And Americans and people all over the world now must ask themselves: Why are we not changing? And I must be blunt, that those that control the decision making in this country are the fossil fuel industry. They have a disproportionate influence. And those that are making money from the current system are holding us back. But I think the pope’s intervention is going to give us a important impetus to change the dynamic and hopefully bring us closer to a climate solution in the context we are running out of time.

JUAN GONZÁLEZ: And yet he was speaking, you could say, literally, in the lion’s den, when it comes to climate change, because you have basically a Republican-controlled Congress, many of whose members even deny the existence of climate change. And yet they were applauding him. It was amazing hypocrisy there at certain levels.

KUMI NAIDOO: Absolutely, but, you know, what I’m hoping, in the context of the importance of dialogue that we need, within the United States, but also globally—I mean, at Greenpeace we’ve been saying that we can turn climate change into an opportunity, for some time now. And so, what we mean by that is that, you know, we’ve far too long lived in a world of North-South, East-West developing. We need to realize that we get this right as a united human family—our common home, as the pope calls it—and we address it with courage, and we secure the future of all our children and their children.

If we get it wrong, and we don’t act fast and now, then it’s true that people in poor countries, who are least responsible—I’ve just come from the Pacific, right? I was in Kiribati. And to see how people have already been impacted, to see a whole country, with 100,000 people, who are two meters above sea level, and they are planning, on the one hand, for the possibility of extinction, but on the other hand, they’re planning with resilience and dignity, saying, "We’re going to fight, you know, as hard as we can."

And one of the things that I hope will happen in the next days here at the U.N. is that we need to revisit this two degrees question, because you’ll remember, Amy, in Copenhagen in 2009, there was a big debate about whether the amount of warming we can have is one-and-a-half versus two degrees.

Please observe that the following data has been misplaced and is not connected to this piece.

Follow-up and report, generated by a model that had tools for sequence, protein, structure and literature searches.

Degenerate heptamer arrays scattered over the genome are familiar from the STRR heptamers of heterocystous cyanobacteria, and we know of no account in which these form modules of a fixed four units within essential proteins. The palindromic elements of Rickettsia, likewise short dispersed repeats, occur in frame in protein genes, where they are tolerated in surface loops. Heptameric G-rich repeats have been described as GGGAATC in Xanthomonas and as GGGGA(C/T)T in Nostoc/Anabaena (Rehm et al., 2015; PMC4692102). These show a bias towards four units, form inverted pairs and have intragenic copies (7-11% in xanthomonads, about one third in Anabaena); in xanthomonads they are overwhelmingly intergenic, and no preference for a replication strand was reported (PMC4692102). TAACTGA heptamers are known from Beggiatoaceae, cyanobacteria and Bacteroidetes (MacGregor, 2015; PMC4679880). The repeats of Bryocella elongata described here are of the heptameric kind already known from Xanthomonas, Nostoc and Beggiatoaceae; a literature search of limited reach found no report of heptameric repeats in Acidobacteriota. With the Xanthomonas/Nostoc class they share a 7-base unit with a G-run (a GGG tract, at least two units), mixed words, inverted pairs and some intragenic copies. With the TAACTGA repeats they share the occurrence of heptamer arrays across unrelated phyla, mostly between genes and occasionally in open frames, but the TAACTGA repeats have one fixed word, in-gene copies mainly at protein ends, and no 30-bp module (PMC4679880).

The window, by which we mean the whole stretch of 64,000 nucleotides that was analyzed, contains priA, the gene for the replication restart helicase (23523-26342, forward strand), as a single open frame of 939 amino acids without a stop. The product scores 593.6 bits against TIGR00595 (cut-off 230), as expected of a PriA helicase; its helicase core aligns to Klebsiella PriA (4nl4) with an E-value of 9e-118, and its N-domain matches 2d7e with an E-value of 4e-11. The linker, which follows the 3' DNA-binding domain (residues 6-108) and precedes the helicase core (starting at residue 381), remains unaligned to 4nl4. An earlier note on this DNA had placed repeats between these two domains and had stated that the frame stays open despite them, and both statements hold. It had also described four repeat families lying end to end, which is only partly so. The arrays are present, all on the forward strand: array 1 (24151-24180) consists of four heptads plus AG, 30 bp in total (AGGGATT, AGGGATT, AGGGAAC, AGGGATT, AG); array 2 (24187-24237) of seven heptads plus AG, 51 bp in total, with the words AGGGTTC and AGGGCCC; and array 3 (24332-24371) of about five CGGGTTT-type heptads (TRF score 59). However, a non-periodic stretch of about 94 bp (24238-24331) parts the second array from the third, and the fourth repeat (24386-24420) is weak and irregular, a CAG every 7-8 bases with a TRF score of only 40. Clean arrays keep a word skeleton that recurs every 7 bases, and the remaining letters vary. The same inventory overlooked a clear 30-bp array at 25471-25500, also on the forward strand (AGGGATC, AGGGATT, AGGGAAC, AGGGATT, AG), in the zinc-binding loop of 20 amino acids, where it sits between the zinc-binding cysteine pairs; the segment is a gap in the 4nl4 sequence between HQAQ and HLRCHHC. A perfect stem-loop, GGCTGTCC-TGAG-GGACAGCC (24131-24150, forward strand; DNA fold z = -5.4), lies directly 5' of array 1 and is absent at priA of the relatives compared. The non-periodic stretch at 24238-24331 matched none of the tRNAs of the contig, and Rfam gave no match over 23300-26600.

AMY GOODMAN: Two degrees centigrade, Celsius.

KUMI NAIDOO: Two degrees centigrade, yeah. And so—and small island states, least developed countries are always saying one-and-a-half. And the dominant countries of the world, U.S. included, prevailed, and the language was "as far below two degrees as possible." But now people just say two degrees. And the slogan that the people are chanting in the Pacific is "1.5 to stay alive." That’s the slogan. Right?

So, basically, I think, in the U.S., I make an appeal to the Republican leadership that we—you have to look at your children and your grandchildren in the eyes, because this is not about saving the planet. To be blunt about it, the planet does not need saving. If we continue the way we are, we’ll warm up to the point where humanity will be gone, the planet will still be here. And quite frankly, if we’re out of the way, the forests will replenish, the oceans will recover and so on. So they need to understand that intergenerational solidarity is also at play. And I hope they will have—the pope will have a positive impact on the Republican leadership. But let’s be blunt about it: Not all Democrats are on message on climate, either. And I hope that the recalcitrant Democrats will also get with the message.